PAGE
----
The need for ultradependability is strongest when the system is life critical, or difficult to repair due to a hostile environment. Large fleets of these systems exacerbate this situation. Any system that will deployed for the military needs to be ultradependable. The military has all three aspects requiring an ultradependable system; the system is life critical, deployed in large numbers, and difficult to repair during battle. Satellites, rockets, and any other space bound machines rely on ultradependable embedded systems to operate reliably. They may or may not be life critical, and not deployed in large numbers, but they are certainly difficult to repair. Finally, airplanes, both commercial and military, are a classic example of a system that needs to be ultradependable. Airplanes are life critical, difficult to repair while operating, and the operate in relatively large numbers. Many airplanes are used much longer than originally anticipated. The B-52 has been in operation since 1955, yet the Air Force still depends on it. [web2] It has had to be dependable past its original point of retirement. Clearly their is a need for ultradependability for certain types of systems.
Consumer products, however, don't necessarily need
to be ultradependable, despite their large numbers and extensive
use. It could be argued that some consumer electronics are critical
to the operation of society, and some systems like pagers may be used for life
critical purposes. However, if a few of these systems fail it is unlikely
that anyone will die. If a few airplanes fail, it is quite likely that
people will die. Consumer electronics are also easily replaceable,
unlike space vehicles or military equipment. The lack of a life critical
nature and the ease of repair makes it unnecessary to have ultradependable
consumer electronics, despite their numbers.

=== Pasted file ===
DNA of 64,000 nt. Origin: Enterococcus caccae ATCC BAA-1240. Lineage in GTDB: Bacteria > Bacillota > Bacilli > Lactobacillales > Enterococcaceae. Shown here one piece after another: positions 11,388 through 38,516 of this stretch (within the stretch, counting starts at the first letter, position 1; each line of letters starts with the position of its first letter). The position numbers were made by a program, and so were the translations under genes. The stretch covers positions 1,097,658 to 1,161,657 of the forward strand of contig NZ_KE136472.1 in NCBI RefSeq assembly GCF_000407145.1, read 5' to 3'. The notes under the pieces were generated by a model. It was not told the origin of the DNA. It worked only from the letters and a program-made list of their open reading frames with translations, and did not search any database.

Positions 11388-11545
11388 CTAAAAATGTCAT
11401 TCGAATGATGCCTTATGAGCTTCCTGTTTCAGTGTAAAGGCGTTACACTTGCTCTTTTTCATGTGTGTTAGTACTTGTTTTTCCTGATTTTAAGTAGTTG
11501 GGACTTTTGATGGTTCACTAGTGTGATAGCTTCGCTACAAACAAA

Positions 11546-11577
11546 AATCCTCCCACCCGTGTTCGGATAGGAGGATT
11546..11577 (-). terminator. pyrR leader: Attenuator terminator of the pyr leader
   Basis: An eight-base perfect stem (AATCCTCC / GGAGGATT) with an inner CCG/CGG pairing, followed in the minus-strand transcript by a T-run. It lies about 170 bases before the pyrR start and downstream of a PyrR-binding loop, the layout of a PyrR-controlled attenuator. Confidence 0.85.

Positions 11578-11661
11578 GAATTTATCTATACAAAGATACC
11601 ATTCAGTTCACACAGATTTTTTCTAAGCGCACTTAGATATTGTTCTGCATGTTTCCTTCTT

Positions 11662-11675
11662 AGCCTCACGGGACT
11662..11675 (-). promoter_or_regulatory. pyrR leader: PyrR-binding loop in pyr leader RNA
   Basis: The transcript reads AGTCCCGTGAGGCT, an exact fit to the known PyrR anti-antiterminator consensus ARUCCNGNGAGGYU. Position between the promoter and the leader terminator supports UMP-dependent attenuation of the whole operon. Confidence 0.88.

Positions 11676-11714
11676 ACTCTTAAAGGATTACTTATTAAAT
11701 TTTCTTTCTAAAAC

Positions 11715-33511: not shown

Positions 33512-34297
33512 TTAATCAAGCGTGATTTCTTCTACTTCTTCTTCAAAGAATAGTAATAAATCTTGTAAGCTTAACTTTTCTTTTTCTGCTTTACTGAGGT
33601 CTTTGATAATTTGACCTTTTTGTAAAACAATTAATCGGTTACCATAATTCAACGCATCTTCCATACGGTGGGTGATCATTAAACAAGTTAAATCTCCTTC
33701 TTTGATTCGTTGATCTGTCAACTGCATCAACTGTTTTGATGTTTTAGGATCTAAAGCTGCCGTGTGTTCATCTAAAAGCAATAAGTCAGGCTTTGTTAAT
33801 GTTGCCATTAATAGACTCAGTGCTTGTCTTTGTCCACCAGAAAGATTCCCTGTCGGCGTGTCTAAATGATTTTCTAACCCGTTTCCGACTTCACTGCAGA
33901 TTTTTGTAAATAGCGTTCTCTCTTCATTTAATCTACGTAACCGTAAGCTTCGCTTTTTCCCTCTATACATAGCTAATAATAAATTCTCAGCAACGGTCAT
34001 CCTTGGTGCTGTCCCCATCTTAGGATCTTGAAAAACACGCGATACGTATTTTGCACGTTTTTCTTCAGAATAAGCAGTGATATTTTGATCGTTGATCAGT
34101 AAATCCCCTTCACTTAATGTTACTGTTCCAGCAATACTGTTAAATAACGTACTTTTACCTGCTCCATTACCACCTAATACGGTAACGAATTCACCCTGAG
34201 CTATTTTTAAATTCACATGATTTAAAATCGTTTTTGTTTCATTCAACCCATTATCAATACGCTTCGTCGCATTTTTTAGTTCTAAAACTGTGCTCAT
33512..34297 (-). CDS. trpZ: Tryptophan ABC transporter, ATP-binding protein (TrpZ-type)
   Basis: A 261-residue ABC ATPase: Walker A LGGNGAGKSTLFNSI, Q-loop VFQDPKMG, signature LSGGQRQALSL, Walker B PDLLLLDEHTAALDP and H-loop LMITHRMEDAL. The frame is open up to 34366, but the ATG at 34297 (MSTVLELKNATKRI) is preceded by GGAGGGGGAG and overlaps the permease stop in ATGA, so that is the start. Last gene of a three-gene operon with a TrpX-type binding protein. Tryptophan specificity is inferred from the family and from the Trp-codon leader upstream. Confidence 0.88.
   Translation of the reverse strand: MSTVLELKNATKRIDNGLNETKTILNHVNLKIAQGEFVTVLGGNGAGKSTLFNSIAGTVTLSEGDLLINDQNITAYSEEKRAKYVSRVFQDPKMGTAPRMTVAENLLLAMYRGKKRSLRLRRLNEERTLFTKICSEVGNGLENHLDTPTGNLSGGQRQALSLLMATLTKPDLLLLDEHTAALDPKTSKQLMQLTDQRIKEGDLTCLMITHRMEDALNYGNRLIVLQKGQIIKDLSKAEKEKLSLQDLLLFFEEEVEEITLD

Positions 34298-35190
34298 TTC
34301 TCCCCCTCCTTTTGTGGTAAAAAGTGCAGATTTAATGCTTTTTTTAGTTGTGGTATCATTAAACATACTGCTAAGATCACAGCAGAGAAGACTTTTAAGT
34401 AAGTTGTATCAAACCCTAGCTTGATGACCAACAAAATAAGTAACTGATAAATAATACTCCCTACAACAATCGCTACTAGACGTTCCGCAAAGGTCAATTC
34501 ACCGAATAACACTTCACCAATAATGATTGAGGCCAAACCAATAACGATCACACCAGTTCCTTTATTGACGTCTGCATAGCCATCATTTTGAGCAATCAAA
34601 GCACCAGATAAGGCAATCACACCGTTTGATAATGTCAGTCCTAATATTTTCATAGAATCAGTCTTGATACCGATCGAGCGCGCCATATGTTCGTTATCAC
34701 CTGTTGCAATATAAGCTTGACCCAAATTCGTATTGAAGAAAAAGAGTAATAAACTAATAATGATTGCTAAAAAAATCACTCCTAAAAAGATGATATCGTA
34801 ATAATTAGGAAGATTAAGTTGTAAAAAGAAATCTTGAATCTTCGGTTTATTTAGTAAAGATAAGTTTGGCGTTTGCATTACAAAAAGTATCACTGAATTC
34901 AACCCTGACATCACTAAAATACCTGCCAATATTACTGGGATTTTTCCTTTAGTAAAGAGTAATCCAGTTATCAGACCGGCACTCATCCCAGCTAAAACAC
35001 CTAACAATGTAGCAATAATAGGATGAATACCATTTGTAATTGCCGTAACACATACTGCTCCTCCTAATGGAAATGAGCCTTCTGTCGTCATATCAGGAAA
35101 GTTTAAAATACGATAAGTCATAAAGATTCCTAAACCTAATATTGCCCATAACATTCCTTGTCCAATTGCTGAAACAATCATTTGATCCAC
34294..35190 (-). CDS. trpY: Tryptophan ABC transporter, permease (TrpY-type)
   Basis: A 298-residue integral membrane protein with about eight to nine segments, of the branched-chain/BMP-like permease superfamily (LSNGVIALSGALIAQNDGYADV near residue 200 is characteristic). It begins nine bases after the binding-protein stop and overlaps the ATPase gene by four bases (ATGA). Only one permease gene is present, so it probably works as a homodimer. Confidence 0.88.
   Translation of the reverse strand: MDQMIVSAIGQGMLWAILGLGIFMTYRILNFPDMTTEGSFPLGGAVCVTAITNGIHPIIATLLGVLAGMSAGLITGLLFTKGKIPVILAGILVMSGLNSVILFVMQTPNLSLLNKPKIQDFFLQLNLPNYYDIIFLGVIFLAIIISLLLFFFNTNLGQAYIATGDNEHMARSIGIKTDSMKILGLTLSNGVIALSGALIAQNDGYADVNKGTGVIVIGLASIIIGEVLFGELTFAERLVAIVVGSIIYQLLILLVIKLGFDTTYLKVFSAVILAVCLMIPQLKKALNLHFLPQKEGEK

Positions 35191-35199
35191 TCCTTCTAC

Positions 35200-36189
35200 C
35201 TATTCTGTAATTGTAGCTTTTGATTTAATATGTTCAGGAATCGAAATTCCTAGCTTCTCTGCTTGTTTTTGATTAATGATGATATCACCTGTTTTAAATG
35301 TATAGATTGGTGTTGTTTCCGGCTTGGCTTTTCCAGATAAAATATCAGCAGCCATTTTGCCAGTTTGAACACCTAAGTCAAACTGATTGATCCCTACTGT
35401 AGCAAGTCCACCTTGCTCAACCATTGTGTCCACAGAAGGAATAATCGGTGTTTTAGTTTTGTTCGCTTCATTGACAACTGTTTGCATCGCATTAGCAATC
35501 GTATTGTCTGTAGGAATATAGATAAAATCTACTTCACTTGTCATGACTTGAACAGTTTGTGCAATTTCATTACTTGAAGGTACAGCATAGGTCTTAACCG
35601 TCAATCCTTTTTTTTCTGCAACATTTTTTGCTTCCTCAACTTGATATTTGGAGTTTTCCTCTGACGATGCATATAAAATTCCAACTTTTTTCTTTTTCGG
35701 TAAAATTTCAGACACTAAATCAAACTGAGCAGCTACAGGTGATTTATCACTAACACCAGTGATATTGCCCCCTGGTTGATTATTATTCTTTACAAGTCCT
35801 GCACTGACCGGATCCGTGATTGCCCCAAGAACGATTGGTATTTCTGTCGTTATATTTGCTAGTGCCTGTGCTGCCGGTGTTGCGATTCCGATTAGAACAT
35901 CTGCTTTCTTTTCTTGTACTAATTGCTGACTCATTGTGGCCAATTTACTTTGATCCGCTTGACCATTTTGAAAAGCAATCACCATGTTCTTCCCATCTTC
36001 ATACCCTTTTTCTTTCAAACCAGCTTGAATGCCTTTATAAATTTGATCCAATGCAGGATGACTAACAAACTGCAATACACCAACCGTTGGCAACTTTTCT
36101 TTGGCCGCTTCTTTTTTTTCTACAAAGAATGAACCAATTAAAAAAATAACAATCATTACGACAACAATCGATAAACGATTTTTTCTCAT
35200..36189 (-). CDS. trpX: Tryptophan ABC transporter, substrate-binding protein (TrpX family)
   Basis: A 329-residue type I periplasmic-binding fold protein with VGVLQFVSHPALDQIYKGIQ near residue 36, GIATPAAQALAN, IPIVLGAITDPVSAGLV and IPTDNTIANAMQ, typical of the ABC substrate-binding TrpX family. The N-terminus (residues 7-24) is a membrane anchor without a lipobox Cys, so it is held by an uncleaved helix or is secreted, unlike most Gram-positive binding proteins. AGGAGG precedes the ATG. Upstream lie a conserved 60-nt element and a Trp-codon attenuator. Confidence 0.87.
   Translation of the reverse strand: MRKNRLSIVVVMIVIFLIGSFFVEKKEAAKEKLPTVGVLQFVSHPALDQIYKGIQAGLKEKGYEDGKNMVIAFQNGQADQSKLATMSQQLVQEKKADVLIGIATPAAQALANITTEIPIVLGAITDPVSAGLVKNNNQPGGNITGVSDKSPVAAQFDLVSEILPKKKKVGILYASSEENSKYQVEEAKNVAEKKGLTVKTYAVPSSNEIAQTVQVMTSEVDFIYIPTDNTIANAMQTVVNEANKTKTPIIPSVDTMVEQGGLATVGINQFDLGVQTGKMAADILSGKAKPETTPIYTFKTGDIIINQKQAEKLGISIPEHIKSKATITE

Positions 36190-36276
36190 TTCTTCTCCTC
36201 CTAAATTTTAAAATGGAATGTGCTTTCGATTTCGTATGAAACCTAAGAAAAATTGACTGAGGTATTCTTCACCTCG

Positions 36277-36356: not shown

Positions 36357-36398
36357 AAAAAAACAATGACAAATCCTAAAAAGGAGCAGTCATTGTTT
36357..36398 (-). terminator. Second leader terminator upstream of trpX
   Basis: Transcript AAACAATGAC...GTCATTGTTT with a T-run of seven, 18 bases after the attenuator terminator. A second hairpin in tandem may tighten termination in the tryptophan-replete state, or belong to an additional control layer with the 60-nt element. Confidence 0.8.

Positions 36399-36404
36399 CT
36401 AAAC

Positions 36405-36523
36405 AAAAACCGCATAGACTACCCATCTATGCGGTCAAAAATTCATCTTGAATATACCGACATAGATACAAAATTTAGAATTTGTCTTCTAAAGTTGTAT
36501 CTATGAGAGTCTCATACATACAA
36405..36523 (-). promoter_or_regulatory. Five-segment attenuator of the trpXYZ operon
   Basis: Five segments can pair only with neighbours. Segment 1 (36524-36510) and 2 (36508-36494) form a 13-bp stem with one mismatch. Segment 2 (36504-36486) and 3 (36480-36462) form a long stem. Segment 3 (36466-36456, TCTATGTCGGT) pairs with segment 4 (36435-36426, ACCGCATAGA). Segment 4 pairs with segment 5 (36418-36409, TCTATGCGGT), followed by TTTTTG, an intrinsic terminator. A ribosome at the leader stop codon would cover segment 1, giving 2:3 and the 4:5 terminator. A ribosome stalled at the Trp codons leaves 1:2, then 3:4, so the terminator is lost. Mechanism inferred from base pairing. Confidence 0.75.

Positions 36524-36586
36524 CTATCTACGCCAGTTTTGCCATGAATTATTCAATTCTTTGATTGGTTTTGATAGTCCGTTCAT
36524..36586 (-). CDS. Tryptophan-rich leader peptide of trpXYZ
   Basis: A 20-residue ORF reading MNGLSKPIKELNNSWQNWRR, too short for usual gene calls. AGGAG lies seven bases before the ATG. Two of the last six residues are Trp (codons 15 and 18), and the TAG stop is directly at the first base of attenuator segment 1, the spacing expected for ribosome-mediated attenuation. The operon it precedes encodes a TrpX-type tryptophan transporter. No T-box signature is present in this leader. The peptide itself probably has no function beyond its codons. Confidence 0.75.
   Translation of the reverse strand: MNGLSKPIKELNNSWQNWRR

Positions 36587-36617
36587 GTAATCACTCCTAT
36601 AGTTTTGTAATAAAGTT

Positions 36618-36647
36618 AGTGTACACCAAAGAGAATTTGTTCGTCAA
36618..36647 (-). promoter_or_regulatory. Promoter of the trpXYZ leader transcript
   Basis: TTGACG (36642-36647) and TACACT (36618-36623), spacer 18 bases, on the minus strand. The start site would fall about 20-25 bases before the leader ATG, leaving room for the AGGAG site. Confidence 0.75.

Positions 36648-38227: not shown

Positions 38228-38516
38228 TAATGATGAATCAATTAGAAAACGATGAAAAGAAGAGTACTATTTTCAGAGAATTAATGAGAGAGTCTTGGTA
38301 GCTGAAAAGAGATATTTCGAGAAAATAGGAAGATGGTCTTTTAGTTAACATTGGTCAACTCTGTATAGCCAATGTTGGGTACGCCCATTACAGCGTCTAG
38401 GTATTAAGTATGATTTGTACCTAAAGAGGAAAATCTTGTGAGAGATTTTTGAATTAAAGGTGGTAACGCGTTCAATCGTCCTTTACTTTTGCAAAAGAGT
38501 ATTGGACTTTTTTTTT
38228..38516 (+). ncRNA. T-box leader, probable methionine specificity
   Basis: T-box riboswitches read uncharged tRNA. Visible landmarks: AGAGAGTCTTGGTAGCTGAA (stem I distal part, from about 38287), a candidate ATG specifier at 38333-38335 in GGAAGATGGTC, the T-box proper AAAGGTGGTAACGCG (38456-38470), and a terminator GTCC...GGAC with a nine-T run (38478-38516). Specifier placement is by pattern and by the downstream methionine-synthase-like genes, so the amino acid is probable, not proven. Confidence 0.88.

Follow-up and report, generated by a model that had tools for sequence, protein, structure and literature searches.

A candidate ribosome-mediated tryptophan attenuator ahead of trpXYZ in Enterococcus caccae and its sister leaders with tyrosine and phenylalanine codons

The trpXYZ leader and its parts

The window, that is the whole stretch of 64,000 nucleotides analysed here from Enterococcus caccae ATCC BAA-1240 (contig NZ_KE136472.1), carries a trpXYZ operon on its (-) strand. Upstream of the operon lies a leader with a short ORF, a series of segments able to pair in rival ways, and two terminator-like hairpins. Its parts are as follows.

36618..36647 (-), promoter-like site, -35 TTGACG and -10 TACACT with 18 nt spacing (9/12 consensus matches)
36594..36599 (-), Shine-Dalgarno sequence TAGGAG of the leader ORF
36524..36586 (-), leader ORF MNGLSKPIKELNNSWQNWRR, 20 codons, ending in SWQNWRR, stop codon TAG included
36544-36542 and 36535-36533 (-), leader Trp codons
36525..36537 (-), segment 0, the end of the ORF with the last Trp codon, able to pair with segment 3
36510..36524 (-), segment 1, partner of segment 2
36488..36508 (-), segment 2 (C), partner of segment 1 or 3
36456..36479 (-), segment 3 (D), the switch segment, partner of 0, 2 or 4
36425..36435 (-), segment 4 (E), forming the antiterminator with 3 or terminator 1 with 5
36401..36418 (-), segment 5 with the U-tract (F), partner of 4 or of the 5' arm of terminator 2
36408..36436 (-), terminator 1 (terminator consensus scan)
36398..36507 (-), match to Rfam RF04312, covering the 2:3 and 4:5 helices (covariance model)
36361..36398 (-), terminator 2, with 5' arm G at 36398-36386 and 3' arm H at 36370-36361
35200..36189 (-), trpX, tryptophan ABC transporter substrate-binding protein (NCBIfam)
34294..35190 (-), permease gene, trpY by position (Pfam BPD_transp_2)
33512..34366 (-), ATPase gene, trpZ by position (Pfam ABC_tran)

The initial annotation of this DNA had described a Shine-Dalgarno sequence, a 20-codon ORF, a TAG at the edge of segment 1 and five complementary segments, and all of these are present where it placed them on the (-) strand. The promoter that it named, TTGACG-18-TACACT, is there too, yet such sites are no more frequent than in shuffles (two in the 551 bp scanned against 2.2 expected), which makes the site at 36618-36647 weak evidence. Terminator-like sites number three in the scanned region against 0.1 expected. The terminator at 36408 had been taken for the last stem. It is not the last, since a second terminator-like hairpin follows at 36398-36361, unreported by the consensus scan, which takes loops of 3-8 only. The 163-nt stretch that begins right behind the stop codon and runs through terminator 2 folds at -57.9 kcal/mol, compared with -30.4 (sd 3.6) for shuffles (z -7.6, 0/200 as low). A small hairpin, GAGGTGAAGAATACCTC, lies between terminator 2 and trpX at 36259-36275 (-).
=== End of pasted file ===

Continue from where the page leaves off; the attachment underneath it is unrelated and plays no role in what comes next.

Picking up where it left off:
Making a system ultradependable is one of the most difficult problems systems engineers face. I'll examine six different problems designers must cope with when developing an ultradependable systems. Some of the problems are external to system, others are a result of deficiencies in the technologies we use to build ultradependable systems.
Mechanical components can wear our and give way under the stress of extreme environmental conditions. Designers must try to anticipate all possible loads and stresses on the system and design it to withstand them. Of course with an ultradependable system it is impossible to anticipate all possible problems. Fortunately, we have a good understanding of how to make mechanical systems strong and resilient. A typical solution to this problem is to use conservatism or a margin of error in the design to account for unexpected situations; it just takes money.
Failure rates of different system components in failures / million operating hours:
|Automotive Microprocessor||.12 (1987 data)|
|Human: single operator best cases||100 (per Million actions)|
|Automotive Wiring Harness (luxury)||775|
|Human: crisis interventions||300,000 (per Million actions)|
The mechanical parts of a system, while they fail more often than most components, fail in a way that we understand and can predict. This understanding makes mechanical components easier to deal with then computer hardware or software.
Integrated circuits have become extremely reliable. Development methods like Six Sigma manufacturing have reduced the amount of manufacturing defects to extremely low levels, and microchip designers also have very effective CAD tools that hid a great deal of complexity. The data for microprocessors listed above is somewhat outdated; Six sigma quality techniques give manufacturing error rates of 3.5 parts per million [Fieler91]. Wiring is a problem in many systems, look at the failure rate for wiring harnesses in automobiles, but the speed and power of microprocessors allows a reduction in the number of chips per sub-system. Fewer chips mean less wiring and fewer critical components that can break.
Computer hardware shares an important trait with mechanical hardware; replication can be used to prevent transient and permanent hardware failures. There is a downside to this though, it assumes there is independence between the failures. A problem that hardware components are facing now is that their designs are so complex that design errors begin to become a more prominate cause of failures. Design errors cannot be corrected through replication, and the more complex hardware gets the worse this problem will become.
Computer software is becoming the major limiting factor
for ultradependable system, but it is not a fundamentally flawed
technology. It has certain strengths that are useful, and some points
that can be both a strength and a weakness. Software doesn't have any
manufacturing defects and it doesn't wear out, but this means all of its errors